The other risk is severe regulations. Currently, Meta continues to face various data-related lawsuits in the United States, while in Europe it would likely need to comply with the Digital Markets Act, a new EU proposal to regulate how the data of the EU users is collected and shared by companies. If approved by the European Parliament and the European Council, and later implemented around 2023, then it will make it harder to Meta to collect new data and as a result of it, there’s a risk that it won’t be able to meet advertisers’ needs, which will force the latter to look for alternatives. That’s why Meta has been vocal against this new regulation and there were even talks about pulling the business out of Europe. However, I don’t see it happening since Europe is Meta’s second-biggest market, so the company would need to adapt to the new reality or continue to pay fines. In both ways, this could negatively affect the company’s stock as well.
The Bottom Line
Meta is a growth stock, and growth stocks are the first to be slaughtered in the current economic environment where inflation is soaring and the recession is around the corner. Nevertheless, the company has several advantages that should help it to thrive in the long run. First of all, it has no real competitors in the social media space, as it takes a long time if ever for its peers to achieve the same user metrics performance that Meta has. At the same time, the company has no exposure to China unlike its big tech peer Apple, so in case of some sort of a trade war, its business won’t be affected whatsoever. In addition, while the advertising business is likely going to be negatively affected if the economic data worsens, in the long run, advertisers are not going to disappear and will return once the dust settles down. Once it happens, Meta would be one of the first companies to significantly benefit from this.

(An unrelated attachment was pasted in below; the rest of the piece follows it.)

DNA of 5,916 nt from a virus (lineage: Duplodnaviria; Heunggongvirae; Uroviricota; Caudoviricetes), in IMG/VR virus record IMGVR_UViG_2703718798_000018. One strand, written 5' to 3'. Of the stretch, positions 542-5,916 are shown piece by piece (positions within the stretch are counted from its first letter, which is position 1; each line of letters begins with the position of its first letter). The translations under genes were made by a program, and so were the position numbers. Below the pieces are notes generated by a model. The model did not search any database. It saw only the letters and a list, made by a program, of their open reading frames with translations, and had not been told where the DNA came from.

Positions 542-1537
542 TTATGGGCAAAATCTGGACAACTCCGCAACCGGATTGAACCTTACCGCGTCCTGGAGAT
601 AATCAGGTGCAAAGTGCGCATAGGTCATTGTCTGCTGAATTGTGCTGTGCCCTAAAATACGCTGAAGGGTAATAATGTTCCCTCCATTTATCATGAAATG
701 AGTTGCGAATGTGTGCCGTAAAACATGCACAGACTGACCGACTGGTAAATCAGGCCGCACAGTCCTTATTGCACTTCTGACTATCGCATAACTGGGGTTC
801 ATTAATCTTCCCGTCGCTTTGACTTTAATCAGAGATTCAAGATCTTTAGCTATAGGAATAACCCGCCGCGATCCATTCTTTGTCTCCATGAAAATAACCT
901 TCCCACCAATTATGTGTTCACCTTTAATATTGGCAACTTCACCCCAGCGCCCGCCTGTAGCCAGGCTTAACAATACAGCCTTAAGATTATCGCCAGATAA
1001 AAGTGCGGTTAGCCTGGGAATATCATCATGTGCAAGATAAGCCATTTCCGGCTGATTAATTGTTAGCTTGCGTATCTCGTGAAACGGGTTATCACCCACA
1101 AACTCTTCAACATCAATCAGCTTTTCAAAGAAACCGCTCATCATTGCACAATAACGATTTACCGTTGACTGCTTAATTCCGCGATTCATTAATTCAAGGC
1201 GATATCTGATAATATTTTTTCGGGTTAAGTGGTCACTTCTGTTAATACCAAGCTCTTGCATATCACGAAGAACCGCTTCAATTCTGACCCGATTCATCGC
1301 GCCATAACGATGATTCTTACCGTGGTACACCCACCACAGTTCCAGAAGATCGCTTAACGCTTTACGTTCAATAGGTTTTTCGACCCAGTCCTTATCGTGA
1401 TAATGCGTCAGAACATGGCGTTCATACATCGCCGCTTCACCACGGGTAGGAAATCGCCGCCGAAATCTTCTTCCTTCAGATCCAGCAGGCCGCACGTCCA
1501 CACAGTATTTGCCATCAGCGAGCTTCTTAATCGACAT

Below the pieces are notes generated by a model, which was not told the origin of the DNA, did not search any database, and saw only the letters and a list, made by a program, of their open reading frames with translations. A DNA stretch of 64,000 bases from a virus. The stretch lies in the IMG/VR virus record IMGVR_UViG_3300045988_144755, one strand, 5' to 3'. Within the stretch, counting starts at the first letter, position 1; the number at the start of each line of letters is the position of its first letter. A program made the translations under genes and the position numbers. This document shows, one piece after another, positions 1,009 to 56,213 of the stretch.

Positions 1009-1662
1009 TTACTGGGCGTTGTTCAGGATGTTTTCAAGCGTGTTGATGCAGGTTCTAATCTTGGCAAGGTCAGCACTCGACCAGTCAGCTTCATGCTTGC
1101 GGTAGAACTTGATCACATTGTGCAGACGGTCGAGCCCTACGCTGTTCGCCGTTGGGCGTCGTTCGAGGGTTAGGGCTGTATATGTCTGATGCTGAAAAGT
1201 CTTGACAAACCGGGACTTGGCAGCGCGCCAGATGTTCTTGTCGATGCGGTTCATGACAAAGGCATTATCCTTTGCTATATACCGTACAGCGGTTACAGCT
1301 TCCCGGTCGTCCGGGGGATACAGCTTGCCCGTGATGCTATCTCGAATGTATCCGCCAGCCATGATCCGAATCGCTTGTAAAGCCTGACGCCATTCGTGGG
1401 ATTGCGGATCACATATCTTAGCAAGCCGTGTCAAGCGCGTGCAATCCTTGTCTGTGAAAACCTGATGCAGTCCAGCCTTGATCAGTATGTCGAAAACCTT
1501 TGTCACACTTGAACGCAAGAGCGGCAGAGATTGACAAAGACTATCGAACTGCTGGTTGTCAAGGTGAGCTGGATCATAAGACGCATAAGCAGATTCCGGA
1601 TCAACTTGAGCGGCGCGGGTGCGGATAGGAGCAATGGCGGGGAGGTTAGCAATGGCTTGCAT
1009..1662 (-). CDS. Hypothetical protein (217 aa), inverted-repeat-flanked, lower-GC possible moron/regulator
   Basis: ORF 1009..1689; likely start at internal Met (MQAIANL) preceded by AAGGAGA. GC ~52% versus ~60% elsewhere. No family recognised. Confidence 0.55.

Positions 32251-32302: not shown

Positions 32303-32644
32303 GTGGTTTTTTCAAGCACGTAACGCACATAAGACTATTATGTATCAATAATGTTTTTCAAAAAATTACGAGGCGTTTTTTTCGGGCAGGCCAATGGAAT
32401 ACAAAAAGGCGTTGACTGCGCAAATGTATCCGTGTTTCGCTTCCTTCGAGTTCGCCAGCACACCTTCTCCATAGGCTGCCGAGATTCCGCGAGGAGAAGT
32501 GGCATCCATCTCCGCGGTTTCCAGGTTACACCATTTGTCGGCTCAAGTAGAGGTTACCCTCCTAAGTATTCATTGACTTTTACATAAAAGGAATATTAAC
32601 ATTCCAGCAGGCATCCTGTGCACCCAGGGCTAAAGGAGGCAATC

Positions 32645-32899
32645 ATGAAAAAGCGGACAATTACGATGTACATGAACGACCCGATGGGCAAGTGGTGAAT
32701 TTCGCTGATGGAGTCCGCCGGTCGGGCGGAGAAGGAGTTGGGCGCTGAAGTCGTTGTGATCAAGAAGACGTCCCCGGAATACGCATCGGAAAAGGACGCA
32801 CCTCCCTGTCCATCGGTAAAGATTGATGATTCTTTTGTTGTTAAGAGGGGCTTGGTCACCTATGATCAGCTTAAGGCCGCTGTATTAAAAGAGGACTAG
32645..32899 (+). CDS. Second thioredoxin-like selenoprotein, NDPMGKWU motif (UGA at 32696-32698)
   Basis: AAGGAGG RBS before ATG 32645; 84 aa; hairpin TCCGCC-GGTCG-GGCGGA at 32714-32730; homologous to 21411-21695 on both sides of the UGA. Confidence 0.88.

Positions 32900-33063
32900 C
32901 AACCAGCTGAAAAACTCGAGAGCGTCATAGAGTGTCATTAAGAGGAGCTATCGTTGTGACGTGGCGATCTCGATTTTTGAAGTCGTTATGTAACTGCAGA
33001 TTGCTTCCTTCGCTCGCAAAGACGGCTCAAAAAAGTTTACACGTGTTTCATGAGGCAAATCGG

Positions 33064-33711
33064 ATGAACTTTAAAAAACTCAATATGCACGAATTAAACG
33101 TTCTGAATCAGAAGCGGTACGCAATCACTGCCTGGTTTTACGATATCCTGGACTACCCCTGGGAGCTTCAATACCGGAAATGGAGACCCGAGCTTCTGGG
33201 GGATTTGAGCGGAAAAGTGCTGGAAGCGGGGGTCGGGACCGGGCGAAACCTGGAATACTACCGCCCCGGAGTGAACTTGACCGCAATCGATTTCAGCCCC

At the same time, it’s important to understand that it’s impossible to time the market. A possible improvement in CPI numbers next month alone could push the stock market higher. Therefore, while there’s still a risk of owning Meta at the current levels, it’s nevertheless significantly lower than when the stock was trading above $300 per share not so long ago. If the company manages to successfully deal with all the headwinds, then it will be able to thrive in the long term.